Saturday, June 8, 2013

Summer Learning.

            We have officially entered the “Summer Routine” in our household.  The fact that I am a teacher and have 4 school-aged children, one in each level of the school system, makes our days very interesting.  As I usually do every Summer, I began this one with an ambitious plan, where everyone would be engaged in fun and meaningful ways and motivated to eradicate one or more “negative habits” and successfully “grow” in one or more developmentally appropriate goals. 

            Early on in the implementation of my plan I sensed and detected the usual resistance and realized that I was doing all the work for them; but this time I had a different interpretation of it.  I realized I never involved my children in the plan.  I never asked if they wanted to eradicate a negative habit, or if they wanted to grow in developmentally appropriate ways.  I assumed they would want to grow (by my definition). Consequently, I retraced my steps and asked if they were interested in fulfilling my ambitious plan. 

            The “little league” (3 and 6 years-old) simply didn’t understand what I was trying to propose, and the “big league” (11 and 13) responded with a quick and swift, “No, were not interested.” 
            
Vaya chasco.

            Luckily, I’m almost done extirpating the family inherited pattern of reactive sadness and anger that I have many times experienced and impulsively explored when my children do not see things the way I do.  Frankly, it has become completely predictable and utterly boring; but most importantly, it does not move us forward into healthier and more fulfilling relationships nor is it really who I consciously want to be.  Eradicating this negative pattern though, cannot be controlled in time and space.  The process, its steps and the results unravel in unpredictable and fascinating ways as I consciously put time and effort in its removal and agree to the messy and experimental nature of my evolution.  Why am I interfering and not letting this process occur with my own children?  Won’t I be perpetuating the reactive anger and sadness-ridden pattern by not letting them be?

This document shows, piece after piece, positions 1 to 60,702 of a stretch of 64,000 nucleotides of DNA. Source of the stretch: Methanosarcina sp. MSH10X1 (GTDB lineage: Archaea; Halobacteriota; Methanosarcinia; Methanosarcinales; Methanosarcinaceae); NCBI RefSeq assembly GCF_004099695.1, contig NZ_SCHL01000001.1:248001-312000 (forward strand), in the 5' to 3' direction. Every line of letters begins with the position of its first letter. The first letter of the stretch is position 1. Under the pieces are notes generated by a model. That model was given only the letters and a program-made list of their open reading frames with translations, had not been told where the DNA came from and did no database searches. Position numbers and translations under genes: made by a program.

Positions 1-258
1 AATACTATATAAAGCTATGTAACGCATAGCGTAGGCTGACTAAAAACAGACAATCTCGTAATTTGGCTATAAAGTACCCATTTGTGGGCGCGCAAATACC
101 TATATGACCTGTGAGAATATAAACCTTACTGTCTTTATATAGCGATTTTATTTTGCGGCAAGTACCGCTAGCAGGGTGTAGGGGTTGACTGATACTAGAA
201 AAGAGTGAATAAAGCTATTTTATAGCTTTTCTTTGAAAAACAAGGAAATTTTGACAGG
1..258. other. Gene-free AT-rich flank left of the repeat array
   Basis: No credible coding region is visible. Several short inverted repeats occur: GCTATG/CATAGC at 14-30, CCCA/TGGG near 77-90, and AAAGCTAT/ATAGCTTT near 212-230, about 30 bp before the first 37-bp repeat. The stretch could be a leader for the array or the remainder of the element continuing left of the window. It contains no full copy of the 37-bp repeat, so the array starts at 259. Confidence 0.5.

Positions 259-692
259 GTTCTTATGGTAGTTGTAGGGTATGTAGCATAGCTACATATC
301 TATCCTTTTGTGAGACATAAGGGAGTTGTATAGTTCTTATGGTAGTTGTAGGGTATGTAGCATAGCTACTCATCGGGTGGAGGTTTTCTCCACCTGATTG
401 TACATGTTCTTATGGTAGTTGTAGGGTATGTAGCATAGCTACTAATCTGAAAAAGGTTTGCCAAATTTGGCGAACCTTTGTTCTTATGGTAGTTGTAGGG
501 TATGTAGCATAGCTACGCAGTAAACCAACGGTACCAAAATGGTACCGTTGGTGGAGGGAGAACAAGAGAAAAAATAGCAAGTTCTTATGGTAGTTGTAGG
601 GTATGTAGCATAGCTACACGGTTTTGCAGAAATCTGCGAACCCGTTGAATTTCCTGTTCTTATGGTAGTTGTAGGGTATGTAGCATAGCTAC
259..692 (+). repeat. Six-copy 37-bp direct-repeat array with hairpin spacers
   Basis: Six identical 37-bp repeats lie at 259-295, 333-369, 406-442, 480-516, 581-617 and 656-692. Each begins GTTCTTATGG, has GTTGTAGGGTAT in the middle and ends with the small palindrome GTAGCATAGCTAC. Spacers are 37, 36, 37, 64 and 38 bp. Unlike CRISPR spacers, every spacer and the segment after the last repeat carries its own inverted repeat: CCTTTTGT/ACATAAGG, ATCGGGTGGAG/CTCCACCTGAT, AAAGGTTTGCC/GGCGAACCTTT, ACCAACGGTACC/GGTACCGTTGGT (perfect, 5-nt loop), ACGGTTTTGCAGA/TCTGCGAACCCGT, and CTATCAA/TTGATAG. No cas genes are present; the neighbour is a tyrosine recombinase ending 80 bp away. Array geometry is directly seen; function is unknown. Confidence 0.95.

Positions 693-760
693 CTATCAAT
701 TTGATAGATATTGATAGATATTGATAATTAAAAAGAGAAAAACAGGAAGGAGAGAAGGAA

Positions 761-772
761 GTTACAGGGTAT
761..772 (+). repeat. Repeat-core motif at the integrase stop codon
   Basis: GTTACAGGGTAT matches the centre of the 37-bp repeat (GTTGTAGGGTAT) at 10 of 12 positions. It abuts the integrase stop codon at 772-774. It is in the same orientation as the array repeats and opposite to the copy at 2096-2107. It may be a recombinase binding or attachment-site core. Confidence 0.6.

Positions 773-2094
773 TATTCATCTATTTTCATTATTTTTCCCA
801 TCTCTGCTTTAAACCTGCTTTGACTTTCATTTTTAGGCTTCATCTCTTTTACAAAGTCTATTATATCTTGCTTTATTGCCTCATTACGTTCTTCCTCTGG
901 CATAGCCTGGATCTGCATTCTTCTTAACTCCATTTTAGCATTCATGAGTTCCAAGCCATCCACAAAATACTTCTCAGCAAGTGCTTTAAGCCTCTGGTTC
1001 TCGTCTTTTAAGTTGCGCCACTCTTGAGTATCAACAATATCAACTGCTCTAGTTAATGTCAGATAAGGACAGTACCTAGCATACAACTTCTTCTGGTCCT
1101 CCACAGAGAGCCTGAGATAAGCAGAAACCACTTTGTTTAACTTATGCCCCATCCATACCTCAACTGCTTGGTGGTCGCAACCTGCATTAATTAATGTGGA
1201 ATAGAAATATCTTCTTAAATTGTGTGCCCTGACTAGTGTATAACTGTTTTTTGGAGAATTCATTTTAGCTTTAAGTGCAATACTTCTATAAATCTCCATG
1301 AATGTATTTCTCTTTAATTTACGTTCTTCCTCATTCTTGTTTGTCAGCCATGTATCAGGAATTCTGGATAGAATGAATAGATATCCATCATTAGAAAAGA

It is then I realize it is my goals I need to focus on, not theirs. OK.  Time to explore plan B.  I quickly find two negative patterns I want to eradicate and one developmentally appropriate goal I wish to fulfill. I am committed to my ambitious plan and have set the developmentally appropriate time I need as TOP PRIORITY, every day- no matter what.  In a matter of minutes I feel a rare exhilaration…no, it isn’t rare, it’s called aliveness, excitement, motivation!

            What a difference it makes in my role as a mentor!  Having partially regained my sense of balance, I am able to observe my children in their daily doings with greater peace and discernment.  I come to understand that after an entire school year of being an individual in a community of age-like learners where they have endured a myriad of challenges and hardships, accepted rewards and failures, learned new behaviors, (both good and bad), accomplished many goals while leaving others behind, inevitably waxing and waning in their independence and individuality, it is now time to re-group with family members and reconfigure relationships, modify behaviors to suit who they’ve been, who they are and who they wish to become without the pressure of “the outside expectation” and “having to perform”.  They must follow their own patterns and figure out whether they are worthy of keeping or not.  I can mentor and advise, but only when invited. I unconsciously attempted to speed up my 11 year-old's process to satisfy my own impatience to which she responded; “I do not need a spiritual guru, I just need you to listen!”  Powerful words, I will now attempt to put in practice.

            This summer has brought me the awareness that I am not in charge of my children’s (or anyone’s for that matter) evolution; I am more likely a part of it.  If I willingly or unwillingly choose to halt my own advancement, I inevitably pause the development of those who are under my care.